If a nuclear weapon is an option, and all options are on the table, does Saint Barack need to say explicitly, "I will nuke Iran"?

in order for armegedon's assertion wrt 'explicit' to be correct, yes, he would. saint barack? stealing sound bites from the fundies? how glacially acetic of you.

Posted by: annie | Dec 1, 2008 2:52:10 PM | 50

nice article by Paul Rogers

But the pattern of which the latest is part is also international and very widespread, as just six of many examples illustrate:

▪ in November 2002, the Paradise Hotel at Kikambala in Kenya was attacked at the same time as an attempt was made to shoot down an Israeli charter-jet taking off from nearby Mombasa airport
▪ in November 2005, fifty-seven people were killed in the bombing of three hotels in Amman (see "Jordan catches Iraq's fire", 10 November 2005).
During the five and a half years of fighting in Iraq since the war of March-April 2003, the different insurgent groups involved learned from experience - sometimes adapting faster than the United States forces. The same thing has happened in the longer war in Afghanistan, with the added element that Iraqi tactics and weapons have been transferred across. In the same way, other groups will study and learn from the Mumbai experience and adjust their plans and targets accordingly.
This is one more example of the evolution of asymmetric warfare - the ability of the weak to take up arms against the strong. In the coming months there will be intense efforts to uncover the extent of the Mumbai operation and the organisation behind it. More generally, measures will be taken to increase security at hotels, railway stations and other locations across south Asia and beyond...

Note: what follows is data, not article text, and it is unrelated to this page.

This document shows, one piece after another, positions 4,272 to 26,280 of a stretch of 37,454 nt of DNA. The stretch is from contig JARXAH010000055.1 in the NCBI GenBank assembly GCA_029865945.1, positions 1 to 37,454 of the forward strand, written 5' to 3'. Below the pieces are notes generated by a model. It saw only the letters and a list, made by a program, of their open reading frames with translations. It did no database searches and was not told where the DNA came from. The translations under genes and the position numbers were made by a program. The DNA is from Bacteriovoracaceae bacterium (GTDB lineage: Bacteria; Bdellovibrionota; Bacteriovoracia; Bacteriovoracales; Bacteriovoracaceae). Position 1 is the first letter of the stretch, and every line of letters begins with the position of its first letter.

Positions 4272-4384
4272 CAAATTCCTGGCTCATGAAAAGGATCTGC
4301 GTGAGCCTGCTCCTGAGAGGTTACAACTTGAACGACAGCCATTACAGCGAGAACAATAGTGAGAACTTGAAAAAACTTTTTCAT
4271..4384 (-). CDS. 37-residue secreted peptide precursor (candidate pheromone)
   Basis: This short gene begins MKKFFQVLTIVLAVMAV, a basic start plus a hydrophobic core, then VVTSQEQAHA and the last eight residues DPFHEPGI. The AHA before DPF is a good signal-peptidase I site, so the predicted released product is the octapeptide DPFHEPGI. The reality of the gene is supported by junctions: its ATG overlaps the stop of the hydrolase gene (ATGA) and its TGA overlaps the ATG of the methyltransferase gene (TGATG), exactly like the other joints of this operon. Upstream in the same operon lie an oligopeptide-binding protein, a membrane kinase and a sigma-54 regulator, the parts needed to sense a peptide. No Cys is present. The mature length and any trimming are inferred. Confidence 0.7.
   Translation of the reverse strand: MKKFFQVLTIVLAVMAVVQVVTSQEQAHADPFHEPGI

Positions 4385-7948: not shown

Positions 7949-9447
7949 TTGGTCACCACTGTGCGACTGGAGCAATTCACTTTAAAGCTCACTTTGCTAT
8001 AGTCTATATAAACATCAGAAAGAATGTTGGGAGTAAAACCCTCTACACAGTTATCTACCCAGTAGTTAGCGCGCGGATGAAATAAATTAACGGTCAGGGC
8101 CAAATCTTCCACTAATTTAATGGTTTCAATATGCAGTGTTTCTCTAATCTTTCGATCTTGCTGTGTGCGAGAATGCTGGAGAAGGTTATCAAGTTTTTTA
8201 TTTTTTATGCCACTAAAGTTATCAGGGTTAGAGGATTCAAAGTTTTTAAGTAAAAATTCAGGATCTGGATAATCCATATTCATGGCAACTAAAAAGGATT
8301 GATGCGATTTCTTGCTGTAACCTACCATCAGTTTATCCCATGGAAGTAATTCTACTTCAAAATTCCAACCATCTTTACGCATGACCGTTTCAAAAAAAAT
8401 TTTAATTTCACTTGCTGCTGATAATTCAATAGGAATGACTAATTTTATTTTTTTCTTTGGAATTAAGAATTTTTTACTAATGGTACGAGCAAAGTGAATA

this same article links to this one, Cities and new wars: after Mumbai, by Saskia Sassen
Cities seem to be losing the capacity they have long had to triage conflict - through commerce, through civic activity. The national state, confronted with a similar conflict, has historically chosen to go to war.
Further, the new asymmetric wars have the effect of urbanising war. This brings with it a nasty twist: when national states go to war in the name of national security, nowadays major cities are likely to become a key frontline space.
A major mock experiment by Nasa found that by the fifth day of a breakdown in the computerised systems that manage the electric grid, a city like New York would be in extremis. In Mumbai's tragedy can be glimpsed the image of a global future.

Posted by: rudolf | Dec 1, 2008 6:34:31 PM | 51

Herbiyar Marri and Faiz Baluch are campaigning for a free and independent Baluchistan. Their homeland was a former British Protectorate. It secured independence in 1947. Less than a year later, Pakistan invaded and annexed the newly-independent nation. The Baluch people have, however, never given up their struggle to reassert their freedom.

In court this morning, the prosecution claimed that Marri and Baluch had incited acts of terrorism but the prosecutor provided no evidence of who had been incited and how they were incited. None of the documents read out in court constituted an incitement to terrorism. Most were website press reports and news releases, many of which are available on dozens of media websites.